On the way to Santorini
, Serifos is often neglected by tourists. The island`s calm atmosphere and isolated beaches predispose to lazy and crowd-free holdays. But if you happen to spots its Chora from the ferry, it will definitely grab your attention and make you consider it.
Serifos is one of the smaller Cyclades Islands
, with almost circular shape and area of 75 square kilometers. It lies between Kythnos
, with predominantly rocky landscape but on many of the beaches there are trees growing right on the sand, as the island has drinking water. It is connected via ferry to Piraeus and other islands of the group. Ferries arrive at the port of Livadi
, which is a small resort with a couple of sandy beaches. Above Livadi rises up the impressive capital - Serifos or Chora, with white houses amphitheatrically arranged on the slopes of a high hill, starting from Livadi and reaching to the top of the hill and the chapel of Agios Konstantinos. Chora is divided into two neighborhoods, Kato (Lower) Chora and Ano (Upper) Chora. A ring road encircles the entire village but the streets inside it are mainly pedestrian, with small squares, cafes, restaurants and labyrinth of stairs leading to Agios Konstantinos chapel, with the best view of the entire gulf.
Except for Livadi and Chora, there are a few more sleepy villages in the inner part of the island. Accommodation and tavernas can be found around the beaches but they are too small to be called resorts. All beaches accessible by car are localized on the south, west and north coast. The beaches in Livadi are sandy, shallow and partly organized with sunbeds and parasols. Since they are in the big gulf where the port is, they are sheltered from winds and waves are very rare. Other popular beaches close to Livadi and Chora are Lia, Agios Sostis, Psili Ammos and Agios Ioannis, all on the east coast and easily accessible but without beach facilities. a bit further to the north is Platis Gialos, small and isolated. To the south are Vagia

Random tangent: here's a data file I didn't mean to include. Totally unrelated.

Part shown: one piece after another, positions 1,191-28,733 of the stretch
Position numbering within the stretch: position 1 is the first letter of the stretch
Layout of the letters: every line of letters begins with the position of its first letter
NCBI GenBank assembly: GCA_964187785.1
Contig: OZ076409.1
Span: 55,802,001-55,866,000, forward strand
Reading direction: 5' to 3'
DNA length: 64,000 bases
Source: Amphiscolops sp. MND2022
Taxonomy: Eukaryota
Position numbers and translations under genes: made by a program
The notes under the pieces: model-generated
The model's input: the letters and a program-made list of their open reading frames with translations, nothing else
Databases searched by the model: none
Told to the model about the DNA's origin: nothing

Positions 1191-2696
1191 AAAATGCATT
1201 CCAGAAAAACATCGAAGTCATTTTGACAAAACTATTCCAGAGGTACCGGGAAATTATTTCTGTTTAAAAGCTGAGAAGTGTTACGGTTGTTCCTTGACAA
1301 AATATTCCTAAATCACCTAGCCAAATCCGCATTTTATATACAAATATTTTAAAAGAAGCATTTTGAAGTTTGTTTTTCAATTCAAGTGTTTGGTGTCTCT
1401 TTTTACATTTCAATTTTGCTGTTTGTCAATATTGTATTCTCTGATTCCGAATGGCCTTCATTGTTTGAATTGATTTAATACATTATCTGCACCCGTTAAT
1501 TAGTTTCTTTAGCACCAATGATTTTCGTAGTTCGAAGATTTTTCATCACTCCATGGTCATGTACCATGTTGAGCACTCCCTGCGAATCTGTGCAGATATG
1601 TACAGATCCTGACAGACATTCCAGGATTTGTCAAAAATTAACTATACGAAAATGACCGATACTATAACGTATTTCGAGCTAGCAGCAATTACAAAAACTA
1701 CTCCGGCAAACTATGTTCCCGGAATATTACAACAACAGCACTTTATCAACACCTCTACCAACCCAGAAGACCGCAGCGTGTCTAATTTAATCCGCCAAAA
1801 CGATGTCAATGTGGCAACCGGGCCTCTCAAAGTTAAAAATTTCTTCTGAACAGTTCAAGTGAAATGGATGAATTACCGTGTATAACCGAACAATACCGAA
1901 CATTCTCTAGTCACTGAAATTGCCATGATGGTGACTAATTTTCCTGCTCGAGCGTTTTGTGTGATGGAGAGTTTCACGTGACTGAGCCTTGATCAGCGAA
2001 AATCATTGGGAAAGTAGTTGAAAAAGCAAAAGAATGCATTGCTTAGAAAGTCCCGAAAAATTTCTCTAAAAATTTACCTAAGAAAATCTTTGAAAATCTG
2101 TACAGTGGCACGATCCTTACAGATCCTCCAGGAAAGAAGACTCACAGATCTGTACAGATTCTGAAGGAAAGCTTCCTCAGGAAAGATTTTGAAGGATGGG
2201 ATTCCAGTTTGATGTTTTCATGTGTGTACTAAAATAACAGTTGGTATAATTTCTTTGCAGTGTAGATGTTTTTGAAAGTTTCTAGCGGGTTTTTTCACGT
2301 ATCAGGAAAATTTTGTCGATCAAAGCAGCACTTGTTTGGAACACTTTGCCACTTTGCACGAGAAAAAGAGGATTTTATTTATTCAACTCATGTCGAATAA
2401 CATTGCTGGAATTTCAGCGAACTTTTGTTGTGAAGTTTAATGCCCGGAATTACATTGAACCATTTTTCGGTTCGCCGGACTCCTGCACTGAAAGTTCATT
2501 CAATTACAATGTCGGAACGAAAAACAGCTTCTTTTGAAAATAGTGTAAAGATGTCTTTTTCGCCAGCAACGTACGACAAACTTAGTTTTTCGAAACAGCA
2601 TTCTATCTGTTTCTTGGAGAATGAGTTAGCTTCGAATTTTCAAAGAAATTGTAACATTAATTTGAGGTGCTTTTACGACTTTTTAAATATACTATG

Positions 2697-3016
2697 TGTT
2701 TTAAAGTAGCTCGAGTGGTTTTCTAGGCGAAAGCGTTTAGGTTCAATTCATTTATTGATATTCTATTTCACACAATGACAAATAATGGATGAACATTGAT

, long and empty most of the time, nevertheless there are a few hotels in the area. Kalo Ampeli is another beach to the south, a small cove with sand and pebbles and clear blue water but you can reach it via a small path. Around Kalo Ampeli there are rocks in which the sea has carved some interesting channels. The west part of Serifos is rocky and not developed, there are only two beaches which can be accessed via land - Sikamia and Avissalos.
In an area called Megalo Livadi the old ore mines of Serifos can be visited. They are right by the sea and they were exploited until 1964. Today visitors can can see some of the buildings, abandoned mining facilities as wagons and a loading platform.